70% of the discharged prisoners had 5 or more prior arrests, half had 2 or more
prior convictions, and almost 44% had served a prior prison sentence. Prisoners
with longer prior records were more likely to be rearrested than those with
shorter records. Prisoners with just 1 prior arrest have a 40.6% arrest rate within
3 years. With 2 priors, the percentage rearrested is 47.5%. With 3 it increased
to 55.2%. With additional priors, it continues to rise, reaching 82.1% among
released prisoners with more than 15 prior arrests.
The number of past arrests a prisoner has also provides a good predictor of how
quickly that prisoner will resume his or her criminality after being released.
The average prison sentence length was nearly 5 years. On average, the
prisoners were released after serving 38% of their sentence (21 months). No
evidence was found that spending more time in prison raises the recidivism rate.
The evidence was mixed regarding whether serving more time reduces
recidivism.
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Results by Demographic Characteristics
Men were more likely to be rearrested (68.4%) than women (57.6%), blacks
(72.9%) more likely
than whites (62.7%), and non-Hispanics (71.4%) more likely
than Hispanics (64.6%).
Younger prisoners were more likely to be rearrested than older ones. Over 80% of those under age 18
were rearrested, compared to 45.3% of those 45 and
older.
Number of Crimes Committed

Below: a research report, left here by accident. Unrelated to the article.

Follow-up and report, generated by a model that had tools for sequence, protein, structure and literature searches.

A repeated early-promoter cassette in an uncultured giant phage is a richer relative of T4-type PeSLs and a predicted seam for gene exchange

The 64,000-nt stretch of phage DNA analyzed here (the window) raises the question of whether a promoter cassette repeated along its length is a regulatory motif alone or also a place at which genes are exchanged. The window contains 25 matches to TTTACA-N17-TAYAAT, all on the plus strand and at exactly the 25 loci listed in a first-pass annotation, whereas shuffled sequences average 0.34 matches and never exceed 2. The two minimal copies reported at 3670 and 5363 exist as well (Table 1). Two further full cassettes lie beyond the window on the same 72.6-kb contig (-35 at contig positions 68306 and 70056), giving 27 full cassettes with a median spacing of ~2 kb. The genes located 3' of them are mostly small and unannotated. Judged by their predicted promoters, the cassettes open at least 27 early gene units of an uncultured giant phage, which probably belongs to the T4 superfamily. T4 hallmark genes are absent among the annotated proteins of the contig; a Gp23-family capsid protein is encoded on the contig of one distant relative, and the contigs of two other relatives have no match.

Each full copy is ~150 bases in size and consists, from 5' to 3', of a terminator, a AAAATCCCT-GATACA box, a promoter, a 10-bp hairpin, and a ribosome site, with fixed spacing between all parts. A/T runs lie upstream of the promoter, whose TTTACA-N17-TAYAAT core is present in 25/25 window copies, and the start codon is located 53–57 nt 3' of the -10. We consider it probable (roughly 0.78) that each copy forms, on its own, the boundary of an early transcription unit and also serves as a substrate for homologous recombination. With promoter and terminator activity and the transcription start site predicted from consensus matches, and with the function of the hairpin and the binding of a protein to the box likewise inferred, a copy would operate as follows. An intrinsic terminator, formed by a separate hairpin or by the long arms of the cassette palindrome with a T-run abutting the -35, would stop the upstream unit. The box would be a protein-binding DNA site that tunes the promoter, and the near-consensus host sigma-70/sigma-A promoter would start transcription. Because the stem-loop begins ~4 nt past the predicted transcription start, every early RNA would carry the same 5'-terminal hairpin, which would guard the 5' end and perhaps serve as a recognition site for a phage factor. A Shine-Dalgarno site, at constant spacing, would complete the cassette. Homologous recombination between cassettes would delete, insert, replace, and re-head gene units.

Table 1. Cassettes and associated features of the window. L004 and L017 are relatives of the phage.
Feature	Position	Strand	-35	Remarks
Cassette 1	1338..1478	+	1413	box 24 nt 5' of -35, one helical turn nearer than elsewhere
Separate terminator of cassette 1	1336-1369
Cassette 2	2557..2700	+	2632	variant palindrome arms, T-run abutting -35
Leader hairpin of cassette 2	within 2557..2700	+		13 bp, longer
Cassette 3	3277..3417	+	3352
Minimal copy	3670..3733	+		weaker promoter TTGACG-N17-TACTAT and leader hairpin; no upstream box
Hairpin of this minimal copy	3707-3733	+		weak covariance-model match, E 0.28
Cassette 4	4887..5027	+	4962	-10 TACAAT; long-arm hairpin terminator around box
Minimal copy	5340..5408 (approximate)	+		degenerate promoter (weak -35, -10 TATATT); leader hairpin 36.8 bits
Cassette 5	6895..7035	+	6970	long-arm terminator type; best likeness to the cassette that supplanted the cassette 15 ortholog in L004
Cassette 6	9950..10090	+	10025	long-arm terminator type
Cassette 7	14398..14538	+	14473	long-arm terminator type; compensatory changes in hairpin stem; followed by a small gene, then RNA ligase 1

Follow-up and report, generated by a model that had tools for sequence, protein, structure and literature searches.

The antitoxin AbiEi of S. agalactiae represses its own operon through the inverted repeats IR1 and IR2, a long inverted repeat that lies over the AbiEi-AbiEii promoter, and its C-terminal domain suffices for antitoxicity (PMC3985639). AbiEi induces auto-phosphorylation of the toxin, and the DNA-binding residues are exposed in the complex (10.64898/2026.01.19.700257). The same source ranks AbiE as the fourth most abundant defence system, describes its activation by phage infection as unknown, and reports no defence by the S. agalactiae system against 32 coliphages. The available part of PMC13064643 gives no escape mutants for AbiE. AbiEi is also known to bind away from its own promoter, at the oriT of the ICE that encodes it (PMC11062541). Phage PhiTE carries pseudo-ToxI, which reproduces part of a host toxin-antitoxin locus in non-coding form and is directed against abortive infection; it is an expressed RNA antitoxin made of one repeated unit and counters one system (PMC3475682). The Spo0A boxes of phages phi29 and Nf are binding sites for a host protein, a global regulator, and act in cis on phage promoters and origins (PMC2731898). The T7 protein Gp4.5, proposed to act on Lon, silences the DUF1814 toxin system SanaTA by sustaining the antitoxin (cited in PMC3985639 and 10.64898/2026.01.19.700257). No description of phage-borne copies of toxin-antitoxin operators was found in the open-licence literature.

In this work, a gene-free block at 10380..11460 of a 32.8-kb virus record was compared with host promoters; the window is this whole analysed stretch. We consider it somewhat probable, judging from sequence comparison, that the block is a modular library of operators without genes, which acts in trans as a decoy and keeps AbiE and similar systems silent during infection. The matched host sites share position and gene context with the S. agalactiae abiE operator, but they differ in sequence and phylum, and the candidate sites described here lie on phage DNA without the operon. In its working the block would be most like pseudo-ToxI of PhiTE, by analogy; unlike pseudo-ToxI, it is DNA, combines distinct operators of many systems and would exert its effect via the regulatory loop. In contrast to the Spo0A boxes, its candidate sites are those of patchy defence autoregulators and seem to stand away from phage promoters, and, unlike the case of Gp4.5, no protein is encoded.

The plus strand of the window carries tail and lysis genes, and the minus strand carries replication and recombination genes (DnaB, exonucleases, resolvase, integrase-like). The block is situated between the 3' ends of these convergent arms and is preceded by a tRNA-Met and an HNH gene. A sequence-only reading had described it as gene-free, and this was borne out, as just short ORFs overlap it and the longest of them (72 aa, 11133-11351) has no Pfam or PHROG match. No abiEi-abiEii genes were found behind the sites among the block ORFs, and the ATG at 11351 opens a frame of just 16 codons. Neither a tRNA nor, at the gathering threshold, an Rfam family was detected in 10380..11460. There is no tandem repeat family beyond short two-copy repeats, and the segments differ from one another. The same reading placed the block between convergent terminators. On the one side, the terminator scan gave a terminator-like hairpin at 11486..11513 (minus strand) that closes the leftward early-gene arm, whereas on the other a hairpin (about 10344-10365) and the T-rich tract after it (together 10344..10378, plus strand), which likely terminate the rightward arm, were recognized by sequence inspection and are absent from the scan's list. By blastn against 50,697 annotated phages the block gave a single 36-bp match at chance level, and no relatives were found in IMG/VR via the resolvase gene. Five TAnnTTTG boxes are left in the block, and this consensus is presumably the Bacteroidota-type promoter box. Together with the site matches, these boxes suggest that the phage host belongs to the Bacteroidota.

The 67.5% (N = 183,675) of releases rearrested were charged with 744,480 new crimes, an average of
4 new crimes each. More than 100,500 of these new charges were for violent offenses.
Results by Location
An estimated 7.6% of all released prisoners were rearrested for a new crime in a State other than the
one that released them. Of the 744,480 new charges during the 3-year follow-up period, 688,720 were
committed in the same State that released the prisoner and 55,760 were committed in other states.

Comparison of Recidivism Rates for Prisoners Released in 1983 and 1994
The April 1989 BJS study examined 108,580 prisoners released from prison in 11 states for the 3-year period
following their release in 1983. All 11 are among the States included in the present study. The overall rearrest
rate rose significantly in the second study.
62.5% of the prisoners released in 1983 were rearrested, whereas in 1994, the figure was 67.5%.
There was a significant rise from 1983 to 1994 in the rearrest rate for released property offenders,
released drug offenders, and released public-order offenders. There was no increase in the rearrest
rate for released violent offenders.
Reconviction rates remained constant from 1983 to 1994, 46.8% and 46.9%, respectively. The only
significant change in reconviction rates was the increase for drug offenders, from 35.3% in 1983 to
47.0% in 1994.
The complete June 2002 report published by the Bureau of Justice Statistics, U.S. Department of Justice,
Office of Justice Programs, “Recidivism of Prisoners Released in 1994" is available at the BJS World Wide
Web Internet site: www.ojp.usdoj.gov/bjs